FAMILIES ARE BEING forcibly removed from their homes in Azerbaijan, which are then demolished, Human Rights Watch has claimed.
It said in a new report, ‘They Took Everything from Me’: Forced Evictions, Unlawful Expropriations, and House Demolitions in Azerbaijan’s Capital’, that the government of Azerbaijan has forcibly evicted homeowners and demolished their homes for urban development projects in Baku, the capital.
The report said that dozens of families have been evicted from the area where the arena for the May 2012 Eurovision Song Contest is being built.
HRW said that authorities are illegally expropriating properties and forcibly evicting dozens of families in four Baku neighbourhoods – at times without warning or in the middle of the night.
It said that the authorities subsequently demolished homes – sometimes with residents’ possessions inside.
The homeowners have been refused compensation from the government, said HRW.
The evictions have been carried out for a variety of projects, including construction of parks, roads, luxury housing, a parking garage, and a shopping centre.
Jane Buchanan, senior Europe and Central Asia researcher at Human Rights Watch and author of the report, said:
Eurovision gives the government an opportunity to showcase Baku to thousands of visitors and millions of television viewers. But instead, Azerbaijan’s government is showcasing its disregard for human rights by forcing people from their homes steps away from the contest site. With heightened visibility there will be more scrutiny, so it’s in the government’s interest to change its course.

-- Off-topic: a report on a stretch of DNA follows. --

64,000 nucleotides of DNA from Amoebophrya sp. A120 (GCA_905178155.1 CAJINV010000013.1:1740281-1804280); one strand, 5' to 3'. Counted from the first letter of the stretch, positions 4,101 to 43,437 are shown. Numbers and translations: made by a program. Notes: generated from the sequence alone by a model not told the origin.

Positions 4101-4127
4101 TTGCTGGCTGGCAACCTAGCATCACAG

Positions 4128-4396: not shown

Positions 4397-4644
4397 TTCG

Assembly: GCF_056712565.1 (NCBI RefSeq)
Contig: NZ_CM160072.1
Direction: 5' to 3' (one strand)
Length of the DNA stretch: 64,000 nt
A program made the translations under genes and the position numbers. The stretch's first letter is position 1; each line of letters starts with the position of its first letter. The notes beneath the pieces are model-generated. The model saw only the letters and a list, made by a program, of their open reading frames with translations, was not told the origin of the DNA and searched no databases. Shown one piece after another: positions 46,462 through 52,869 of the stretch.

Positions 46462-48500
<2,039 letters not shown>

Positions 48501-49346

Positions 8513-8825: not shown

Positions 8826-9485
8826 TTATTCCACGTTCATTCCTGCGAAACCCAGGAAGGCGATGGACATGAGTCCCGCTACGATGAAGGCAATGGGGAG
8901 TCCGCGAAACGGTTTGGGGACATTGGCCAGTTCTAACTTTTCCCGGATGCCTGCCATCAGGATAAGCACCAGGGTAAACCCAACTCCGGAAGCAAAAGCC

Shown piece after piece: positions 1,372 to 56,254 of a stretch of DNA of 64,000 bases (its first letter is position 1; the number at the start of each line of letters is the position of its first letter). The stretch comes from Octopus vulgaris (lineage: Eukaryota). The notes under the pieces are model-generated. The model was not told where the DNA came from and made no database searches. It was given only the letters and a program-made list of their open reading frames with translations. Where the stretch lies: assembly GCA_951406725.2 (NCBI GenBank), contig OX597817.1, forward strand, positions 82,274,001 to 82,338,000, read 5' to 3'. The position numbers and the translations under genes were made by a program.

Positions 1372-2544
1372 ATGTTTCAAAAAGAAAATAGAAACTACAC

HRW said that in at least three cases police detained residents in police stations while workers demolished the buildings.
In several cases documented by Human Rights Watch, the authorities have demolished homes in violation of court injunctions or while court cases challenging the intended demolitions were pending.
In many cases, including in the National Flag Square area, the government has cut services or begun dismantling apartment buildings in which some residents remained.
When the authorities cut electricity and water in one building in the National Flag Square area in January 2012, residents resorted to melting snow for water.
Buchanan said that what the authorities are doing in Baku “violates national and international law: they are evicting homeowners on a dramatic scale, in some cases for completely non-essential purposes.”
In the course of its research, Human Rights Watch contacted the European Broadcasting Union (EBU), which oversees the Eurovision Song Contest. It said the EBU cited the “apolitical” nature of the contest and the government’s argument that the construction is not tied to the event.
Human Rights Watch said that EBU affiliate members should urge the EBU, including the Eurovision Reference Group, to press authorities to resolve, fairly and transparently, all complaints related to the expropriation and evictions in Baku.
It also called on Azerbaijan’s international partners to urge the government to stop its campaign and ensure that any future actions respect national and international law.
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